What do you see in the Mirror? My legs are too big. My rear is saggy. My stomach has a pooch. I have cankles. I have thunder thighs. My arms flap in the wind. Sound familiar? Are you guilty of claiming any of these? Have these exact words come out of your mouth? We women are all guilty of seeing ourselves differently than others do. We are the worst critics.
We are all guilty of spending more time disliking our bodies than appreciating our assets 80 percent of women are dissatisfied with their appearance. This carries over to our children ,unless we teach them differently. How do you do that? When you look in the mirror and ask your daughter, do I look fat? Or talk about the latest diet.. or spend money getting surgeries to “fix” ourselves .
I just saw the news about the book “The Vogue Factor” and MODELS EATING TISSUES TO STAY SKINNY!
Growing up in Georgia, my dream was to become a professional dancer. During the training that I had to entail, I had a teacher tell me ”the more BONES I can see, the more you will be noticed on stage…THAT is elegant.” So, I starved myself for a short time and thought that would make me better, prettier and more noticeable on stage. I soon learned, that was NOT the case... but my body image was distorted through my first two years of college. After I added an additional major of physical fitness and health, I soon realized what things were good and bad for your body, and that most “dancers’ were closet bulimics. How sad. But, THIS GIRL likes her food, liked to keep it down and deep down I liked myself so that was a good thing! Fast forward 30 years later, obtaining every fitness certification I could master and seminar that I could attend, I hope to help women really SEE themselves in the mirror.
I continue to strive to teach women how to be healthy inside and out, that they can be healthy and don’t have to “diet”, starve, kill themselves exercising but start at slow pace and find something they ENJOY doing.
I remember when my daughter was growing up. I never once mentioned “diets"; I spoke of healthy eating to give us energy. I never asked, “Do I look fat in these jeans?” I DID tell her how smart, amazing and beautiful she was when she had her t shirt, jeans and no make up on heading out for school. When she had zero make up on, with her hair in a bun, glasses and retainer in her mouth. Because she was then and still is so beautiful on the inside and out. I know she will be the same for her daughter if she has one. She has an amazing outlook about herself and I hope that I fostered that. She did have several friends whose moms constantly questioned their own looks and I saw the insecurity in those girls, from that role model.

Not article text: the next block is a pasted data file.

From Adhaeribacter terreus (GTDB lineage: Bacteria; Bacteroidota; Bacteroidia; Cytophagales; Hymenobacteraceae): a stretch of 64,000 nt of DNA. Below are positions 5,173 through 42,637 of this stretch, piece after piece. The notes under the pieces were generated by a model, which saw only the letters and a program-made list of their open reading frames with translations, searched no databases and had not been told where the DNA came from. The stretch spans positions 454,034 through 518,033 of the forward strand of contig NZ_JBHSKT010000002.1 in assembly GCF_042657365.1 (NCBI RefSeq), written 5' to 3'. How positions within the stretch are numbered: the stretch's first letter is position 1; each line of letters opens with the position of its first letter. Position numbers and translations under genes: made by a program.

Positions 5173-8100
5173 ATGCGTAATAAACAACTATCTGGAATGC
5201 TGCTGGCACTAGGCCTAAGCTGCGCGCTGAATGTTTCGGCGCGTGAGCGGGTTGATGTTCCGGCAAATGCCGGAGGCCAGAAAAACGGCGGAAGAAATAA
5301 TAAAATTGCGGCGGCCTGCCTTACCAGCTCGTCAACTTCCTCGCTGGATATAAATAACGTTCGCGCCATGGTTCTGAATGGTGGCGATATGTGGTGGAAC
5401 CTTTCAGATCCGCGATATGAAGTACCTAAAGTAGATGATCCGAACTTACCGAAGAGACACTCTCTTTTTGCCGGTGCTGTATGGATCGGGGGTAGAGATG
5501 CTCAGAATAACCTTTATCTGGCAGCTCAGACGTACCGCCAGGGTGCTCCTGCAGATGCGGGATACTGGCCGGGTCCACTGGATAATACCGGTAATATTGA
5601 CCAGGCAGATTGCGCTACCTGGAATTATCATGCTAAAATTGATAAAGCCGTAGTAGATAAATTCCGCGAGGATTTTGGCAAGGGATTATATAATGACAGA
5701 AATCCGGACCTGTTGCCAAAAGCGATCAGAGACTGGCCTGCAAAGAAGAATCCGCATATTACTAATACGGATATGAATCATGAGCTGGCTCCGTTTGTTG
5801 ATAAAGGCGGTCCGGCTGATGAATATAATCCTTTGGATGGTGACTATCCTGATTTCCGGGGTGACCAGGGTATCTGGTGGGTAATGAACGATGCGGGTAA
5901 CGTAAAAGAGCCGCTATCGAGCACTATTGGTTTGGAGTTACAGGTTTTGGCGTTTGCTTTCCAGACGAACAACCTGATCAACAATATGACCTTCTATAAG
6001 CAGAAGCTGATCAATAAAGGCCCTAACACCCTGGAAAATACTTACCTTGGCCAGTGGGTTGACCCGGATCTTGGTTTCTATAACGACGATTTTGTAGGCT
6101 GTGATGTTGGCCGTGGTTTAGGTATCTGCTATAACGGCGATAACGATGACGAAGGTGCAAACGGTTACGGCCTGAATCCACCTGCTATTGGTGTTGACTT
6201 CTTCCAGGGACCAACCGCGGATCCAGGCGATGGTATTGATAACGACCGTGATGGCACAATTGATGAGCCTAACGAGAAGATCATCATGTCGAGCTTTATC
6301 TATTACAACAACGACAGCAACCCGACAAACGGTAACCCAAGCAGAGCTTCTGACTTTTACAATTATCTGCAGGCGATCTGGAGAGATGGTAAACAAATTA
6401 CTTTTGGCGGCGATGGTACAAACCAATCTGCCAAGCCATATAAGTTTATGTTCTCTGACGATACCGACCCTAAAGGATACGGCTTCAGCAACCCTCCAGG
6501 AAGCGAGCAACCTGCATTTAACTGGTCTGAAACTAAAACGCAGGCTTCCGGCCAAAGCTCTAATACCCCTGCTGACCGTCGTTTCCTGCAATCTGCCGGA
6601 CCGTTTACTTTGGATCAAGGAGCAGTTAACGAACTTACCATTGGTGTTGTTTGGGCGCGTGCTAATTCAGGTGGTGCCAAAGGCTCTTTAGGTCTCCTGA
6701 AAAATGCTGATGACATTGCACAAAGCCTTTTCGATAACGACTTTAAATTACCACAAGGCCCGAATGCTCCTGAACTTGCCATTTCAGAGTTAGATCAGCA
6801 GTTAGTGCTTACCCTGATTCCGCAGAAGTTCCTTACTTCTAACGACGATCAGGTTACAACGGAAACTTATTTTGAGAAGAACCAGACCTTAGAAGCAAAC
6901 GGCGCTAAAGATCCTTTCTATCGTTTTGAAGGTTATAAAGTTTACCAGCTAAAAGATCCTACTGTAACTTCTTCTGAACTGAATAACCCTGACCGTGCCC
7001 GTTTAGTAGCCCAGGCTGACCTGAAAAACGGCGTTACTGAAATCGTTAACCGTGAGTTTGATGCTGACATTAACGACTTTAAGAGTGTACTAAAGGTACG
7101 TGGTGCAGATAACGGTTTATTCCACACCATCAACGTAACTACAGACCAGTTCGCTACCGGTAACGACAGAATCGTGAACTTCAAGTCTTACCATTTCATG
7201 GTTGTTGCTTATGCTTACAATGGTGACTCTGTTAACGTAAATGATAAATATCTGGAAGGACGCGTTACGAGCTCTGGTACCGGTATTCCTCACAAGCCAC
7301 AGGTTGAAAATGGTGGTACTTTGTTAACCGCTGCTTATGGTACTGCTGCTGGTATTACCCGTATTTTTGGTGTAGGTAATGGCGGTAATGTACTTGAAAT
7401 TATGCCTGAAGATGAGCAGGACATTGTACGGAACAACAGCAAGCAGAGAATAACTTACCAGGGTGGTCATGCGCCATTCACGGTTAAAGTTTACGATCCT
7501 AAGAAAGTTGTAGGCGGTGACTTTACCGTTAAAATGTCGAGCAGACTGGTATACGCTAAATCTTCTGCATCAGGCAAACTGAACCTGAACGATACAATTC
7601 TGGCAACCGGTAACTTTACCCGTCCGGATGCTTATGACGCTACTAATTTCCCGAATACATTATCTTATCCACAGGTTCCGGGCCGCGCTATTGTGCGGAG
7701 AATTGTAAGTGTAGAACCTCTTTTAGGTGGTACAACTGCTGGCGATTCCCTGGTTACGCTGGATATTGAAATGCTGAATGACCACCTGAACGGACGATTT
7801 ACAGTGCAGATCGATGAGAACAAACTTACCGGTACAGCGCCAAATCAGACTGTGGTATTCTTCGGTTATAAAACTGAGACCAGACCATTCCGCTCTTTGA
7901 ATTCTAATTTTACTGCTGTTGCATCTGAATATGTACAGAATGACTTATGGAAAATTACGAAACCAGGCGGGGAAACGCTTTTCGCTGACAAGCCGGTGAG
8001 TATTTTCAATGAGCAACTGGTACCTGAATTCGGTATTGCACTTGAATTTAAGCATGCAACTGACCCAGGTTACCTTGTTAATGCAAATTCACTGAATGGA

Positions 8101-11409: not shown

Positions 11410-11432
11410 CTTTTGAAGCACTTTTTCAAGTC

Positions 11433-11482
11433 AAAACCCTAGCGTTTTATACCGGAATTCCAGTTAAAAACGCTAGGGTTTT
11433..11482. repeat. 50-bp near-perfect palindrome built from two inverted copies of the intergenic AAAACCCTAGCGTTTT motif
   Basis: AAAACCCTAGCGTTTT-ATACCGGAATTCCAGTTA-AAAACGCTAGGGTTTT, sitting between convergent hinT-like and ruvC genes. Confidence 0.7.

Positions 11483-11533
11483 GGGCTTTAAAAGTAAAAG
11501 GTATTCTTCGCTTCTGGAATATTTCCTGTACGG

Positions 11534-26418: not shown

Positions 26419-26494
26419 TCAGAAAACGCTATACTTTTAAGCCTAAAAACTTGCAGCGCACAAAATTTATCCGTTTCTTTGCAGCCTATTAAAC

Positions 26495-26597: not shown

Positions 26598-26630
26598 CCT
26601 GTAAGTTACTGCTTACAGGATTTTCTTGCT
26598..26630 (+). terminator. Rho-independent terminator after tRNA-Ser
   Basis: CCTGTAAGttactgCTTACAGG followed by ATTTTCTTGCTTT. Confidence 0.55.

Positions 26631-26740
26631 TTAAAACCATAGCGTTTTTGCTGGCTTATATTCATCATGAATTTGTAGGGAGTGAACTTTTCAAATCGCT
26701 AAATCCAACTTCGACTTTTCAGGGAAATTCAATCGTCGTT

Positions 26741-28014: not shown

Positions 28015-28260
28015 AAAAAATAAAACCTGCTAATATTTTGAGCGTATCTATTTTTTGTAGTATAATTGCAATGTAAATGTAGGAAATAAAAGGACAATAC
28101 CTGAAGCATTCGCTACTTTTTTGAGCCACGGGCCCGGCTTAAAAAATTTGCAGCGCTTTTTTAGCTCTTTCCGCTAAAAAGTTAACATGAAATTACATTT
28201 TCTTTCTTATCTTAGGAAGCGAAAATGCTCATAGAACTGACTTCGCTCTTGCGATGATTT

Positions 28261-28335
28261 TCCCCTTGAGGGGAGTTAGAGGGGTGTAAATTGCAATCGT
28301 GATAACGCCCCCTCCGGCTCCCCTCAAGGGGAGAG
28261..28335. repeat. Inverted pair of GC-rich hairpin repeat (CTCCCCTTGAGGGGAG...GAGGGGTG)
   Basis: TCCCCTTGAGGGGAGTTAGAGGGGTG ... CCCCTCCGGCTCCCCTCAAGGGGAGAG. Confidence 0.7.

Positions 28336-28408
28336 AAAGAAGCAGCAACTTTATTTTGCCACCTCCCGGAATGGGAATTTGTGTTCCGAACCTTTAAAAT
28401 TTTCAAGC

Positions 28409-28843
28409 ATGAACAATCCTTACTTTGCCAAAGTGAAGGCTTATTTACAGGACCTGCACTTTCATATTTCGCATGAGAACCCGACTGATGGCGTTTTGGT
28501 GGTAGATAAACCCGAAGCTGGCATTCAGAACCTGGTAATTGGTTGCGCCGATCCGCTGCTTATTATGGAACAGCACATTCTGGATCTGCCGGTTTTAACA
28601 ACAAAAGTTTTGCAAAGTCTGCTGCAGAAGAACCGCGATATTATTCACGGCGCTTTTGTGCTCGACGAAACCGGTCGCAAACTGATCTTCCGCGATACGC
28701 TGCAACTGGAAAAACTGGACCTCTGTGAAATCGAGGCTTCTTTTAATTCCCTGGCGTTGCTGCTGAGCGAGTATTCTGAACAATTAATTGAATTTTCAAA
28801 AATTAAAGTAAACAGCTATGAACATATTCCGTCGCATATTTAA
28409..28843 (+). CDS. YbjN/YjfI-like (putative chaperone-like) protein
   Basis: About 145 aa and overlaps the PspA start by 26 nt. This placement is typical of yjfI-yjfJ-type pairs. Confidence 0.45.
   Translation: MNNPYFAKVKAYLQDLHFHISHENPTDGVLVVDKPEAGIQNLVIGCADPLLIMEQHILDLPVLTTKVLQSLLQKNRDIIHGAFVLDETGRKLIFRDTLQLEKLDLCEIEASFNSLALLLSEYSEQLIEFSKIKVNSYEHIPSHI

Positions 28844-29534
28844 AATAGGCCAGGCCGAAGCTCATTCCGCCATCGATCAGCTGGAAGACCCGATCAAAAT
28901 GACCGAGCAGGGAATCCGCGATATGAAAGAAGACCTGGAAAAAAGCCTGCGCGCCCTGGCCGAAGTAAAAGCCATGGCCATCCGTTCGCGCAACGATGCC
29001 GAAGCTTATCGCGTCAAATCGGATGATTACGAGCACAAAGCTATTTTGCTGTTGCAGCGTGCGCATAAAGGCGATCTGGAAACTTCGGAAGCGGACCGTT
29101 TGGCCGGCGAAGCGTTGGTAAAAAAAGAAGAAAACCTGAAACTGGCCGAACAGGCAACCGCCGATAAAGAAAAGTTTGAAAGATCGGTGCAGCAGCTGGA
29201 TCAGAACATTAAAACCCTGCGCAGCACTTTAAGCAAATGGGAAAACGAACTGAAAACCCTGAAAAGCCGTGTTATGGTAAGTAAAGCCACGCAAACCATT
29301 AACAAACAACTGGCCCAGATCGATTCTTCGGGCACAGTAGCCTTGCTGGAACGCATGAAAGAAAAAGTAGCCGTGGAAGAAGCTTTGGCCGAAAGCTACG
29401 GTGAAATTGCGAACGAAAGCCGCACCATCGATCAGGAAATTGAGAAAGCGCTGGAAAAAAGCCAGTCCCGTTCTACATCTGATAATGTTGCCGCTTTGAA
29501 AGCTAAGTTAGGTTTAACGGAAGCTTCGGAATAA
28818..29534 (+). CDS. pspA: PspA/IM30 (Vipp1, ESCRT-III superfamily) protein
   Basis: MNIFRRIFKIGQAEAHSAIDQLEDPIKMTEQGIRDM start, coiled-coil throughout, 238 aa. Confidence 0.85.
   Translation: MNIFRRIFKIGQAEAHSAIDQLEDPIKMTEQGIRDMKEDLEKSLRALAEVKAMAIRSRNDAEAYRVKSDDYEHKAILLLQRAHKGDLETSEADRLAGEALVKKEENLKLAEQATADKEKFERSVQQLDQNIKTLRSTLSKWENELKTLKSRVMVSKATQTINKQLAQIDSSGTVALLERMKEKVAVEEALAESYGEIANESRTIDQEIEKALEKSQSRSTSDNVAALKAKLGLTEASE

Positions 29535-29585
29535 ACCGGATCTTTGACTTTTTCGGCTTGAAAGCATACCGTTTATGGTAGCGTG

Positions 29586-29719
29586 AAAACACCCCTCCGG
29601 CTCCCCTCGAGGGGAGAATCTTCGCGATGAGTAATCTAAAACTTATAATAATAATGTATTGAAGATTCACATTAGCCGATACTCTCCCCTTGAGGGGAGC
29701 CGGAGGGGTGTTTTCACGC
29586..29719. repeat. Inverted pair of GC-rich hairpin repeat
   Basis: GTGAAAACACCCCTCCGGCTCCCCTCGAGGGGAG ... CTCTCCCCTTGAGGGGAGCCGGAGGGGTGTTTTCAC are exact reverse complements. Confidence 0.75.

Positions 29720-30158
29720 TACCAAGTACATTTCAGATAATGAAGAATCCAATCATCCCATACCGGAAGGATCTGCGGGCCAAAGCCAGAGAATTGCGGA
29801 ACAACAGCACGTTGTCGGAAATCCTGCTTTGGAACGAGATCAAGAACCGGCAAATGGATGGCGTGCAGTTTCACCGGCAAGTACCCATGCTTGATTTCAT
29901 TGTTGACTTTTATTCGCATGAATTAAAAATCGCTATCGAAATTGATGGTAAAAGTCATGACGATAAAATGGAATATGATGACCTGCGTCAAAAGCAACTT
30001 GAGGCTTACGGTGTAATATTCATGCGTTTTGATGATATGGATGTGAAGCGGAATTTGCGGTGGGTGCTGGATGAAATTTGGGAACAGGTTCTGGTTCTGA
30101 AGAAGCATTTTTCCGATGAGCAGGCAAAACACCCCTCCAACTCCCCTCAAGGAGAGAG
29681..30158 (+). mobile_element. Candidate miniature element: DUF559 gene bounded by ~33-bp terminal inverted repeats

I challenge young moms to become a positive role model for your daughters. What I see from being a mom is that you have a great chance to be a good role model of doing the same type of things, (well you don’t have to do the no makeup, hair in bun, retainer in your mouth) but maybe not freak out having to put your make up on if running to the grocery store for some milk. Maybe look in the mirror and let her see you say, “wow I FEEL great today!”. That 10 lbs does NOT make you "less than" or anything of the sort. Honestly, most of the women I meet that are the MOST amazing don't "diet" but live life to the fullest!!
Needs some tips? MedicineNet.com experts suggest the following steps to improve your self-image.
1. Stop negative self-talk immediately. While you still may not like what you see in the mirror, Martz says, learning to describe yourself with neutral, objective phrases can help stop the cycle of poor self-esteem. So, instead of saying to yourself "I have really ugly thighs," think "My thighs could use some work."
2. Find and focus on the things you like about your looks. It's best not to link your looks to your self-esteem, but with body image so intimately entwined with self-image, that can be hard to do. The next best thing is to find something about your image you really like. "It can be great hair, great nails, terrific teeth. Find the things about yourself you can say something good about, and every time you look in the mirror, go there first and say something positive to yourself," says Martz.
3. Treat yourself with the same kindness and respect you show your best friend. "Would you respect and care about a person who says about you what you are saying about yourself? If the answer is no, then begin treating yourself at least as well as you are treating others in your life," says May.
4. Say what you mean. Sometimes, hating your thighs is all about wanting thinner thighs. But sometimes, Kaufman says, negative body thoughts are a way of expressing discontent over other issues in your life. Learn to decode these messages, she says.
5. Dress the part. If you're putting off buying new clothes until you like your body better -- don't. Whether you're bursting at the seams in duds that are too tight or swimming in over-sized clothing to hide your body, you are eroding your self-esteem. "Buy what fits you, and look the very best you can. It sends a powerful message to yourself that you are worth it," says Aronowitz.
6. Recognize that people naturally come in different shapes and sizes, and cherish your body's uniqueness. And, Martz says, remember this: "Only 2% of the world's women fall into the supermodel category. That leaves a lot of room for the rest of us! To the 98% of us real women, I will go with what my Daddy always said. ."Pretty is as pretty does" and LIVE LIFE TO THE FULLEST! Know it's OK to have a glass of wine, to eat a burger every now and then and LOVE yourself!